May 22, 2018
By Hassan Gbassay Koroma
With the aim to promoting a reading culture among school pupils in the country, the United Bank for Africa Sierra Leone, through their UBA Foundation Read Africa Initiative, yesterday donated literature books to three schools in Freetown.
The bank donated over 900 literature books to the Sierra Leone Grammar School, St Joseph’s Convent Secondary School and the Annie Walsh Memorial School.
The UBA Foundation Read Africa Initiative was launched in 2011 and the project is aimed at encouraging children to improve on their vocabulary and communication skills through reading.
Through its Read Africa Initiative, the UBA Foundation is helping rekindle the dwindling reading culture among African youth as they pursue their education. Over hundred thousand books and educational materials have been donated to various schools across Africa as UBA Foundation continues to traverse the continent, contributing positively to the development of African youth.
Speaking at the donation ceremony in the various school grounds in Freetown, Managing Director and Chief Executive Officer of UBA Sierra Leone, Chinedu Obita, said United Bank for Africa (UBA) Plc is one of Africa’s largest financial institutions with operations in 20 African countries and three global financial centres – New York, London and Paris.
He said UBA has been operating in Africa since 1949 – referred to then as the British and French Bank Limited (BFB). It took over the assets and liabilities of BFB and was incorporated as a limited liability company on 23 February, 1961 under the Compliance Ordinance.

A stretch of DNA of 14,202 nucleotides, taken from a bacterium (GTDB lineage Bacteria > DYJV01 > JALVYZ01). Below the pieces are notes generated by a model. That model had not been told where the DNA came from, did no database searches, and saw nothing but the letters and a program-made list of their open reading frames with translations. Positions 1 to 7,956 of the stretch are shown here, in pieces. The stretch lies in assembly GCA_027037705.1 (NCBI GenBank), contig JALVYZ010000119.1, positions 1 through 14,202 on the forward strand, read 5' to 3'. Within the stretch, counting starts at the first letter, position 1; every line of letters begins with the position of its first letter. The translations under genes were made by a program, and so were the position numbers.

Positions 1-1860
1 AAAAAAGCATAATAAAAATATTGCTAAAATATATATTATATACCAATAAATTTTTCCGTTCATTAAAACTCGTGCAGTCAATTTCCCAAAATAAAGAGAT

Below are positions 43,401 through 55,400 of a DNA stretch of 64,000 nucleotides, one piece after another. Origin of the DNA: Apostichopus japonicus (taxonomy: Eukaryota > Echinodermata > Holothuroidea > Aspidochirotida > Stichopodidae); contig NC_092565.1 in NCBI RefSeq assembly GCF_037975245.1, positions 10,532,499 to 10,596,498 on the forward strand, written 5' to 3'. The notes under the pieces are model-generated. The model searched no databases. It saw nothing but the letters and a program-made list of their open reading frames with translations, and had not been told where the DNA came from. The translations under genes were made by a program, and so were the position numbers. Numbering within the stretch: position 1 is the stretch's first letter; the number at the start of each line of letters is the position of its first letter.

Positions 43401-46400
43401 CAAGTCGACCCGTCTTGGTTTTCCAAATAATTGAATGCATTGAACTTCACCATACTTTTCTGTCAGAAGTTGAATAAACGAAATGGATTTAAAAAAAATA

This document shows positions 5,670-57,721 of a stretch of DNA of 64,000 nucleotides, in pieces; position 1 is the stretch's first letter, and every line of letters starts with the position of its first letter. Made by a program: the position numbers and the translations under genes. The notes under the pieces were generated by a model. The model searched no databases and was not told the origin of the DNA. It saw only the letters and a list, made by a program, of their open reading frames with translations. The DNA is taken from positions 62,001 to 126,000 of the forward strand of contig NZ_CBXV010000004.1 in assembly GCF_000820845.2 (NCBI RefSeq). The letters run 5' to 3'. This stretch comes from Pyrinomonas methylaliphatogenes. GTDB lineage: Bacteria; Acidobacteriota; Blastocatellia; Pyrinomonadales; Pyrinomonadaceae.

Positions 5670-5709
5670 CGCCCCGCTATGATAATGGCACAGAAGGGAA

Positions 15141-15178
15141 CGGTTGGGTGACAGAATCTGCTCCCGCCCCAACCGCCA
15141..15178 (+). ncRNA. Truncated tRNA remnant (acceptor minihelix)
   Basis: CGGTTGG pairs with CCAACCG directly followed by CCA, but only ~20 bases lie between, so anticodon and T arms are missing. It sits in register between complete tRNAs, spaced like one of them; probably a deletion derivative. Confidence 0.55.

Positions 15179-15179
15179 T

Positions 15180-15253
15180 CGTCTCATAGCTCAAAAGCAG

He said the bank started operations in Sierra Leone in 2008 and that they believe in the empowerment of young people in any country they operate, hence they launched the Foundation in 2006, charged with the responsibility of implementing their Corporate Social Responsibility.
He said it was no longer a secret that pupils pay more attention to social media and avoid the culture of reading, adding that reading culture helps to improve the intelligence capacity of pupils.
He said that through the Read Africa Project, they have donated lots of literature books to schools in African countries where they operate.
Also speaking, UBA Sierra Leone Board Chairman, Emerica Karefa-Kargbo, said the Foundation was eager to give back to society and to contribute to creating dynamic educational platforms for future generations on the continent.
She encouraged pupils to read voraciously as that would help them master the English language and be able to write and speak good English.
She disclosed that by September this year, the bank would launch its essay competition for pupils and that winners would stand a chance to win scholarship, computers and Ipads, among many others.
Receiving the donation, Sierra Leone Grammar School Principal, Akiwande Lasite, said the bank’s Read Africa project was a welcome, especially in Sierra Leone where pupils no longer have time and passion to read.
He promised they would use the books judiciously and that he believed the books would help his pupils improve on their reading culture.
Acting Vice Principal of St Joseph Junior Secondary School, Aminata R. Conteh, thanked the bank’s entourage for their initiative to boost reading culture among pupils in the country.
She promised that they would do all in their powers to encourage pupils to prioritise reading and use it to empower themselves academically.
Principal of the Annie Walsh Memorial School, Sylvia Scot, said the new technology called social media has now taken over and that pupils no longer have interest in reading books.
According to her, she was totally against the use of social media among pupils and that at times she would give books to her pupils to read and explain the story of the book.